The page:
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Queen City Bike Ferry makes ceremonial debut

Six hundred fifty feet, seven minutes and one dollar.

That’s the distance and amount of time and money it will take to ride the Queen City Bike Ferry – painted in school bus yellow and fire truck red – between Canalside, where it’s docked at the Commercial Slip by the Naval and Military Park, and the First Buffalo River Marina on the Outer Harbor.

The ferry – 50 feet long and 14 feet wide, with two outboard engines – can carry up to 49 passengers, fewer when bicycles are on board. The vessel made its ceremonial first voyage across the Buffalo River on Monday, mostly with members of the media and politicians. It opens to the public Friday.

“The frustration has always been that the Outer Harbor was so close that you could almost touch it,” said Assemblyman Sean Ryan, who was instrumental in bringing the ferry to the waterfront. “This will remove that psychological distance.”

“The ferry is a low-cost and high-impact way to improve the waterfront, and allow people to easily access the many new attractions at Canalside and throughout the Outer Harbor,” Ryan added.

Several bicyclists on board were enthusiastic, saying the ferry was a faster way to get to the Outer Harbor than reaching Fuhrmann Boulevard from Ohio Street.

“It’s creating easy bike access between the Inner and Outer Harbors for all ages and abilities,” said Justin Booth, GoBike Buffalo’s executive director.

“I think it’s fantastic,” bicyclist Henry Kress said. “It’s really affordable, and I was surprised at what a quick trip it was to cross the channel.”

Mayor Byron W. Brown said the ferry continues the city’s commitment to bike transportation. By the end of the year, the city will have added 80 miles of bike lanes over the past eight years, to go with the unveiling of a bicycling master plan.

The short ride – just one-tenth of a nautical mile – travels straight across from Canalside to a steel bulkhead on the Outer Harbor, getting a close-up view of the USS Little Rock battleship. The trip offers a different perspective of nearby sights than from land, including the Connecting Terminal grain elevator and the Skyway.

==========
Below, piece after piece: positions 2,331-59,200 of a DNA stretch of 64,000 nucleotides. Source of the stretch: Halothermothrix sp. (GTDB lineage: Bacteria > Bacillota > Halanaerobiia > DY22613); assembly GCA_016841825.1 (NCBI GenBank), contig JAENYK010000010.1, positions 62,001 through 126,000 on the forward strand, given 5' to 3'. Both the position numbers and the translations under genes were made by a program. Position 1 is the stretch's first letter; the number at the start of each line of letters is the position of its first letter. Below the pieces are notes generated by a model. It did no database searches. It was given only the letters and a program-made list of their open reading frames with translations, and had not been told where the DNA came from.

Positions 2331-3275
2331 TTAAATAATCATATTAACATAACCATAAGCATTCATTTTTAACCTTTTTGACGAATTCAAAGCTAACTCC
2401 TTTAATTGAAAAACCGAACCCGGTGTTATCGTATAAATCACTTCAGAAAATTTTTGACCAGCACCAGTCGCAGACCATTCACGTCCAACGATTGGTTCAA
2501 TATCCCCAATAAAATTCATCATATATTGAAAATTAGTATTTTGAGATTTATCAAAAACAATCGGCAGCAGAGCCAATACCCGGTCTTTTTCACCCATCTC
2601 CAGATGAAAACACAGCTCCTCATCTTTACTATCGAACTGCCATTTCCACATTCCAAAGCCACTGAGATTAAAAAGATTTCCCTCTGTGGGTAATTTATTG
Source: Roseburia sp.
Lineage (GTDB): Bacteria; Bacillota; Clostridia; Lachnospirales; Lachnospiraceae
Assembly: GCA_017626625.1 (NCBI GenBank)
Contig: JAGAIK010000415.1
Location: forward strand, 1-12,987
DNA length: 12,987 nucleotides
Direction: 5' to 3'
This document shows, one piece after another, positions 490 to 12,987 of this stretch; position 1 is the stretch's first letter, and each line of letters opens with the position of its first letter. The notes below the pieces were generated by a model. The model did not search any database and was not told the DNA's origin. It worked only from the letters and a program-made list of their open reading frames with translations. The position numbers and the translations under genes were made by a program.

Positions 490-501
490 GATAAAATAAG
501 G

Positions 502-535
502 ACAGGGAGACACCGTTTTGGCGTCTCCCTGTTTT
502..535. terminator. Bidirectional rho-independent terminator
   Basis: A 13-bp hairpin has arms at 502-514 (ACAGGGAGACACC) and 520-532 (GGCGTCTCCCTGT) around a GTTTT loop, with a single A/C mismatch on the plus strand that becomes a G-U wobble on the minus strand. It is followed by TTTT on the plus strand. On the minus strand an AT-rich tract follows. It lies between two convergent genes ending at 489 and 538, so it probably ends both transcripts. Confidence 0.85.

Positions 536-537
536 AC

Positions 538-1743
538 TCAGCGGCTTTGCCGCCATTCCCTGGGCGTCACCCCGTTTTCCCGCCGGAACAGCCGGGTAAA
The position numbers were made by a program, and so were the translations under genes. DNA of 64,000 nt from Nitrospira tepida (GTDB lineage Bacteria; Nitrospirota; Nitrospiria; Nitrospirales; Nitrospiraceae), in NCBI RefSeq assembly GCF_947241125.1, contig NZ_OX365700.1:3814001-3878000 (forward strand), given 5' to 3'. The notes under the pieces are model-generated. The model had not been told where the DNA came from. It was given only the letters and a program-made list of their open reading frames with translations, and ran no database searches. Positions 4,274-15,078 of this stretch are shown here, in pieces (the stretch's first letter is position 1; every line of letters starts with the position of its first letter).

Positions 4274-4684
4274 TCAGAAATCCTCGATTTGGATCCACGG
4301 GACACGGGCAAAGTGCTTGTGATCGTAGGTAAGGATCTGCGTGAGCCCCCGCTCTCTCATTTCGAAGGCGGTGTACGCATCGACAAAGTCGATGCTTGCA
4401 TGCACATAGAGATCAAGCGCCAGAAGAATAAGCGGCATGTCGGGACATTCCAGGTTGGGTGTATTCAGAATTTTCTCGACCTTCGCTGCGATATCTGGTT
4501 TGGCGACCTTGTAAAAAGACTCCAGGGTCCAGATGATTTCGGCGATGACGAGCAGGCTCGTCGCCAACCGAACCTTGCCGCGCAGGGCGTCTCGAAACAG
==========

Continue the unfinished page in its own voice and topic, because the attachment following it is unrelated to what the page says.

Tom Dee, president of Erie Canal Harbor Development Corp., said the low fare allows people who don’t own a boat to ride on one and to experience the waterfront in a new way.

The custom-built boat was assembled in Florida and delivered earlier this month, at a cost of more than $200,000. It was paid for with state money from New York Power Authority relicensing funds and from Erie Canal Harbor Development Corp. Funds from the Assembly will pay for programming at the Outer Harbor.

Passengers who arrive there on the ferry will be able to walk and bike on trails, and visit the Buffalo Lighthouse, Wilkeson Pointe, Times Beach and Buffalo Harbor State Park.

“I can’t wait until Friday, when we start the operation,” said Ric Hilliman, whose family-run business has a long-term lease to operate the ferry.

Hilliman cautioned the fast trip time could take longer in the summer months, when boat traffic is at its peak.

The ferry will operate from noon to 8 p.m. Monday through Friday, and from 8 a.m. to 8 p.m. on weekends.

“Blue Bikes” from BlueCross BlueShield of Western New York will be available for rent at Canalside, and can be taken on the ferry. Dogs can ride the ferry for free, provided they are on a leash.